War for the Planet of the Apes is a bludgeoning film of empty, and meaningless metaphors wrapped up in the clothing of presumed depth. It’s the sort of picture that feigns profundity, but instead, collapses under the weight of its misguided imagery.
Set fifteen years after the outbreak of the plague that wiped out a significant amount of the human population: the narrative depicts Caesar (Andy Serkis) seeking vengeance for the brutal slaughter of his wife and child at the hands of a mythical figure known as The Colonel. (Woody Harrelson) The choice comes at the cost of his tribe who are making a long journey beyond the desert for a new promised land.
Predominantly, the story could be read as a loose adaptation of the Exodus tale. However, the interpretation has little validity because Caesar never feels like a Moses figure and the other facets of the story lack shading. The Ape leader eventually tracks the lionised military figure to a far distant base and finds out that his tribe have been placed under bondage in a labour camp. The Colonel requests the collected group to build a wall.
However, there is never any reason for this demand, and instead, the plot point comes across as an overt post-Trumpian reference without story-driven significance, let alone evoking the Exodus. The general problem with War is that its metaphors are empty and do not say anything about the characters in the picture.
There is some Christ imagery in the picture as Caesar is strung to a cross. But it begs the question: what does the character have to atone for? He is just one Ape; his tribe could have easily have been captured with or without him.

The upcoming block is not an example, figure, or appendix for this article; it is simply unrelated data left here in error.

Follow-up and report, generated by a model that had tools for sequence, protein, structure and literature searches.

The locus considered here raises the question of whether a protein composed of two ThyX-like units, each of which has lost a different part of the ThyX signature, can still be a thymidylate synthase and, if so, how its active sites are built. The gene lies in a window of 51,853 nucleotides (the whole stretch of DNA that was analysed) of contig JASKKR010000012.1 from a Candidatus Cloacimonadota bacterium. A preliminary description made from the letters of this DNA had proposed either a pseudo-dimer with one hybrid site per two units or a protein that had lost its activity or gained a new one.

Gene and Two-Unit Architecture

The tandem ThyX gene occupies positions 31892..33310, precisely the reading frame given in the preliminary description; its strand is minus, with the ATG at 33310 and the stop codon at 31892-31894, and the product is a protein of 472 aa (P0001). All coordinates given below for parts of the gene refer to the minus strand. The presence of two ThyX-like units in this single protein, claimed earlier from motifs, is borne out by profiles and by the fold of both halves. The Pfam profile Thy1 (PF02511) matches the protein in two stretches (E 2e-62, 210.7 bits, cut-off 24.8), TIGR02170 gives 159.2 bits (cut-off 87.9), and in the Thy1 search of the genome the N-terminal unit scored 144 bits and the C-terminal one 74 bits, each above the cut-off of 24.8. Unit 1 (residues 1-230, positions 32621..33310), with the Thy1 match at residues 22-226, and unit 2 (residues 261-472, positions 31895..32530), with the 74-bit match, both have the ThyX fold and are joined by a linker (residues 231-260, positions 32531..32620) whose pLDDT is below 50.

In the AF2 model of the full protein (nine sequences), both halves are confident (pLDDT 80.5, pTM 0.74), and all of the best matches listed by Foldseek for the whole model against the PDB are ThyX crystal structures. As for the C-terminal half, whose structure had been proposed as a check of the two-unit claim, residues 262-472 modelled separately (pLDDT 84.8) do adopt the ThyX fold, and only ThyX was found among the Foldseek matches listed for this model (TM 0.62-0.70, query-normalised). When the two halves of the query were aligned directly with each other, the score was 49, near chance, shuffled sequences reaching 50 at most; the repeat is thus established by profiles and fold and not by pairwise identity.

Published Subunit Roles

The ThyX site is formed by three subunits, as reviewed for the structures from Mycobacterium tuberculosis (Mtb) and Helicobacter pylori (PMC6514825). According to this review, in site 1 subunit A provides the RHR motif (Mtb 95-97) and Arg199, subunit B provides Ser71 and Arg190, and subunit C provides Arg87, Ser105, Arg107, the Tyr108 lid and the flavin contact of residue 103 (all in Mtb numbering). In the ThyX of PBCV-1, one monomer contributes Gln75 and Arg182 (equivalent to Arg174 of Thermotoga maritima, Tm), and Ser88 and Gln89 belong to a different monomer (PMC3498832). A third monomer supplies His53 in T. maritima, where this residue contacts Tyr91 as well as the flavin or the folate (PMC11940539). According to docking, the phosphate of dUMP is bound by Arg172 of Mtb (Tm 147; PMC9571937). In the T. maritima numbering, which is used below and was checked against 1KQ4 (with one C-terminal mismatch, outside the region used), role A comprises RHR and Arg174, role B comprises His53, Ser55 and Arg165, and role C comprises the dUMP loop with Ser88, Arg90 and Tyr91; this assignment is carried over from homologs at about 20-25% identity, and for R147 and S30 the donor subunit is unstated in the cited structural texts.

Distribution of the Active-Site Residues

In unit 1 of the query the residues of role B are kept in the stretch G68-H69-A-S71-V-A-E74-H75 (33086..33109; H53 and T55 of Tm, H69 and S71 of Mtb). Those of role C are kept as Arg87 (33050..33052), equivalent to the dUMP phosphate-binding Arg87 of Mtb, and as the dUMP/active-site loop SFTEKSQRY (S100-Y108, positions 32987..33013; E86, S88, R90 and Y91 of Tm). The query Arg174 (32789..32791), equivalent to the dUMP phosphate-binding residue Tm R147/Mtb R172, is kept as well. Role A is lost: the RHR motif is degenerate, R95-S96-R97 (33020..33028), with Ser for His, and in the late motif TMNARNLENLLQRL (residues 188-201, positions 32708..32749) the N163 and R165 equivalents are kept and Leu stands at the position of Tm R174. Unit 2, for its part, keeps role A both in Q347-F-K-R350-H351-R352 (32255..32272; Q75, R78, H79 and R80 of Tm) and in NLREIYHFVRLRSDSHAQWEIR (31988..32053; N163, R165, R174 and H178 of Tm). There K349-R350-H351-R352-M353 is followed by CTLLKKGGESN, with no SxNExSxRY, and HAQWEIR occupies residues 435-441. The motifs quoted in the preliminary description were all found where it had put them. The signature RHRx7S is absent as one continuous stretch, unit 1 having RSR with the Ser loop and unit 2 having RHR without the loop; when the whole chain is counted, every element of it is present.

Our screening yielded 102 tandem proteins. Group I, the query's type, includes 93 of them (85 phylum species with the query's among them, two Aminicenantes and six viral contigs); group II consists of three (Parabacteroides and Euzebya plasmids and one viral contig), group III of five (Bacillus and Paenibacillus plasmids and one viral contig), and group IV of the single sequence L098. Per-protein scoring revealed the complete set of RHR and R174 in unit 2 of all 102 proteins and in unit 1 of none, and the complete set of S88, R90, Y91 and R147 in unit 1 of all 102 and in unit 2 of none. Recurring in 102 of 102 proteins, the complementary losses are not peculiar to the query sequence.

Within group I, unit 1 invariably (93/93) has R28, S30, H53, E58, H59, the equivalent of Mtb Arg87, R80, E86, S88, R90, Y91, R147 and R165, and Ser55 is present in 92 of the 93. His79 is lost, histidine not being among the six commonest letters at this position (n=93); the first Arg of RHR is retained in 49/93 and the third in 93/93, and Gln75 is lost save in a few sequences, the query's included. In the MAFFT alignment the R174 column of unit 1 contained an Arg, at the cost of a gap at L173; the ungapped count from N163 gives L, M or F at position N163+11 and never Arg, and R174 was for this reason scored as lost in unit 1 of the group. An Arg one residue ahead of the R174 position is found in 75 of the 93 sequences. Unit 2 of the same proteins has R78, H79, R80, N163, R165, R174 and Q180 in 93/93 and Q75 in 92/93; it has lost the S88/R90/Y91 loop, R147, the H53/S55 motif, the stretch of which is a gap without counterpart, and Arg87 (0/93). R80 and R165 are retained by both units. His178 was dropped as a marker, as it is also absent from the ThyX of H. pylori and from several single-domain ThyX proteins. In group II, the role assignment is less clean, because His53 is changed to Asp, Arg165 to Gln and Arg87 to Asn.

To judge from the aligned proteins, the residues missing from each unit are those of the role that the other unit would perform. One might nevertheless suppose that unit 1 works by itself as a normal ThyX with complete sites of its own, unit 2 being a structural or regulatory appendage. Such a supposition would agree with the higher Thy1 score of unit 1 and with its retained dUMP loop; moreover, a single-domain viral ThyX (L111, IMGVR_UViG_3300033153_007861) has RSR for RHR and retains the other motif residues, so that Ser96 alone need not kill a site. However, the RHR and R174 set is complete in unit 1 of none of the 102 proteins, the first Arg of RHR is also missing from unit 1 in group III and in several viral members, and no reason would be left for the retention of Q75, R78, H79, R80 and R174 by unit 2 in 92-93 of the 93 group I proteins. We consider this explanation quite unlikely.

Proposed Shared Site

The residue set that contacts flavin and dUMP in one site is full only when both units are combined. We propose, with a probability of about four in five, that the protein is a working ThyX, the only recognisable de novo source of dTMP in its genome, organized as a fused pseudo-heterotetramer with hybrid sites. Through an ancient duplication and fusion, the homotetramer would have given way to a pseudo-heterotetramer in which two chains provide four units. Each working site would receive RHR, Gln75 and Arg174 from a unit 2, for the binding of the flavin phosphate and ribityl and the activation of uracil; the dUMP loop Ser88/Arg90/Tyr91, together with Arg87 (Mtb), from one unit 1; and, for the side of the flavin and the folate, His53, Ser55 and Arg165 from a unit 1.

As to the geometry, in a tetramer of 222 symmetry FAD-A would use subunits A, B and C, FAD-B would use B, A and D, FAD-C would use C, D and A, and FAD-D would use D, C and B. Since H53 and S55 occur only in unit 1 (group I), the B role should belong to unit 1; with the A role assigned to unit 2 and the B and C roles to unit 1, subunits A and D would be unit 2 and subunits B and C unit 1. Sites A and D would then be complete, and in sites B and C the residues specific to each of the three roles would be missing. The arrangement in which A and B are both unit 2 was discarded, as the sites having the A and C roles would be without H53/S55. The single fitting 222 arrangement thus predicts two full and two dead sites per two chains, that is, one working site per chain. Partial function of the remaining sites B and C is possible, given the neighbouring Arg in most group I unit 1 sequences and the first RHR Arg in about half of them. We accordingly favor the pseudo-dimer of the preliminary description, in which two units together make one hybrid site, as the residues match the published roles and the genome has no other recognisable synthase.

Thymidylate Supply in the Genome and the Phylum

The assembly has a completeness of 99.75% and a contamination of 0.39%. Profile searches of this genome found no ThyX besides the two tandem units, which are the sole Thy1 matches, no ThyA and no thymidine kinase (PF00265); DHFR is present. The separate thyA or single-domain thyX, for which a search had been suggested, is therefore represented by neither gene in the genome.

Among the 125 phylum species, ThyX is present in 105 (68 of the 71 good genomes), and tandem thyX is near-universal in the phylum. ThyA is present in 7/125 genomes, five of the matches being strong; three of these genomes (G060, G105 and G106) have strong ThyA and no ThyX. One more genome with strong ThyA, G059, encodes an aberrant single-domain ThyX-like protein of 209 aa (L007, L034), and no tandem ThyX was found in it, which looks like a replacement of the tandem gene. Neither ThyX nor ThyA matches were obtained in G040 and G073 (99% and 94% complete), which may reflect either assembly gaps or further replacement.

Likewise, the American national anthem being played while soldiers beat up and whip a number of the Apes is indicative in suggesting that Slavery has pervaded America’s past. But equating an entire race to the Apes’ plight is too edgy that it ceases to become subversive and instead is objectionable.
Despite all this, there are some undeniably powerful moments in the picture. A confrontation between the Colonial and Caesar in the middle of the film is potent in illustrating the struggle between both figures.
Serkis is particularly striking in his withered stillness that evokes the weight of his revenge filled heart and the burden of the countless years as the leader of his people. Debate rages on about whether or not CGI motion-capture work can be considered a performance. As ever, Serkis makes the discussion moot with his impressive acting in this third instalment.
Director Matt Reeves injects the proceedings with a sumptuous grandiosity. With the use of widescreen framing, Reeves portrays sprawling desolation that carries beauty and weight. Though no shot in War compares to the memorable and stirring imagery of Dawn of the Planet of the Apes, i.e., the extreme close up of Caesar’s eyes and the 360 degrees shot in the tank.
Crucially, the film is at odds with itself. The title implies a finale soaked in a bloody battle, but instead, the picture delivers a belaboured and pretentious skirmish that ultimately feels inconsequential.